By James Marmin
A relationship breakdown can be an extremely stressful and emotional time for all parties involved. A pet is often referred to as a member of the family and for many people, the bond they share with their pets can be compared to that of children or siblings. Therefore, the issue of who is able to retain the family pet can exacerbate the emotions felt by each party. This article will discuss the approach the Court has taken with respect to assisting parties in dispute about who gets to keep the family pet.
How can caring for the pet be settled?
The best option will be to attempt to settle the matter amicably through dispute resolution or negotiation, before formalising this agreement with consent orders. If you can reach an agreement with the other party with respect to the property/parenting matters and this includes an agreement for the pet, our Family Lawyers at MDL can assist you in drafting your Consent Orders for filing with the court to formalise this agreement. Generally, an agreement may be able to be reached if the parties have children and the family pet was bought for their benefit, as it may be practical that the pet live in the same household as the children following separation.
If the parties are unable to reach agreement, they may wish to apply to the court for assistance to determine who is able to retain the family pet. However, the way in which a court can make orders with respect to pets is not straight forward. The Court will see the pet as a chattel, or as personal property, and ownership would need to be addressed through property settlement negotiations. This means the Court needs to consider the pet in the same way that it would consider household furniture.
What does the court say?
There are no specific provisions in the Family Law Act 1975 which specifically deals with pets. A recent case has declared that there is no jurisdiction under the Family Law Act to make an order for custody or ‘shared custody’ of a dog. Rather, the dog needs to be handled as part of the property settlement. Therefore, the Court would need to look to previous cases and other factors to decide who owns the pet and who is entitled to retain the pet. The court could consider factors such as:
• Which party paid for the pet;
• Which party the pet is registered too;
• Which of the parties cared for the pet;
• Which party was responsible for the ongoing costs (vet fees, cost of food etc);
Davenport & Davenport (No. 2)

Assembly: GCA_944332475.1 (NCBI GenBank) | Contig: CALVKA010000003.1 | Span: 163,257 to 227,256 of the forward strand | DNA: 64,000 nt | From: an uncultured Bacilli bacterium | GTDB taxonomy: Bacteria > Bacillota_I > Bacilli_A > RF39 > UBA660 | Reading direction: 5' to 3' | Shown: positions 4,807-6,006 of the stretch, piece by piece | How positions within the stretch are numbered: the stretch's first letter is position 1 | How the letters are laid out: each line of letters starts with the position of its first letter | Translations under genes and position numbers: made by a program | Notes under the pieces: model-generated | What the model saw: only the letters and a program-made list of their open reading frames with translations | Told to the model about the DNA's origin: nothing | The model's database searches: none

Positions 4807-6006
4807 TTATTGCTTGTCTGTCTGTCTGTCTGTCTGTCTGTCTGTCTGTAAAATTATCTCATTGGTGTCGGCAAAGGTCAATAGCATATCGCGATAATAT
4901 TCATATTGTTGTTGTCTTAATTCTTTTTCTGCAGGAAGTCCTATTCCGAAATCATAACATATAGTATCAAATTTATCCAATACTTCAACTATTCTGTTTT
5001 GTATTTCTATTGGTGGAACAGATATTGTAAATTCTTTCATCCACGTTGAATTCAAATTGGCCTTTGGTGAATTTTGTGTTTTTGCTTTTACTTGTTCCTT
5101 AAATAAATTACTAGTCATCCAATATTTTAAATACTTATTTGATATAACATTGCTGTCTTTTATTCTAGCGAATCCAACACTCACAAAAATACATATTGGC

In this decision, the major consideration of the Court was if it had the power to make orders relating to the “custody” of a dog. The Court concluded that the dog was indeed property and had to be considered as such. Therefore, the Court was unable to make an order for ‘custody’ of the dog in the same way it could not make “custody” orders for property. Therefore, this case sets the standard for future matters where a party requests that the Court make orders for custody of a pet, showing that the Court does in fact not have the jurisdiction to do so.
Downey v Bale 
In this matter, the Wife sought to retain custody of the dog. The ‘owner’ of the dog was an issue in dispute between the parties with both parties believing they should retain the dog. In this case, the Court found that the wife was the owner of the dog. Although the husband purchased the dog, the Wife had cared for and was responsible for the dog and therefore, it was found that the pet should be retained by her. It was immaterial that the husband made additional contributions to the dog’s registration after the property settlement matter had commenced. The Court concluded that this did not support the Father’s argument that he was the owner and rather this was just considered as a contribution in the scheme of the property settlement.
As the case law shows, there is no clear power for the Court to make orders with respect to pets and the approach the Court takes to deciding who can retain the pet is in no way similar to that of the custody of children. As stated, the Court must consider the pet in the same way it would household furniture when establishing ownership. There is currently no ‘best interest’ approach to the care of a family pet, which is the main consideration when the Court is making orders for the custody of children. Therefore, the outcome that the Court may reach with respect to who is the ‘owner’ of the dog may be potentially difficult to predict.
How can MDL help?
As discussed above, due to the limited powers that the Court has in considering interests of the pet and other factors, amicable negotiation between the parties will often yield the best results when dealing with the family pet. Our experienced Family Law lawyers at MDL can assist you in all stages of negotiations, including constructing offers to settle and attending at dispute resolution, to ensure you have the best chance at a favourable outcome without Court intervention. If you have been unsuccessful in negotiating with your former partner and have concerns about the living arrangements for your pets, or any other aspect of family law, reach out to one of our family lawyers for advice on your next steps today.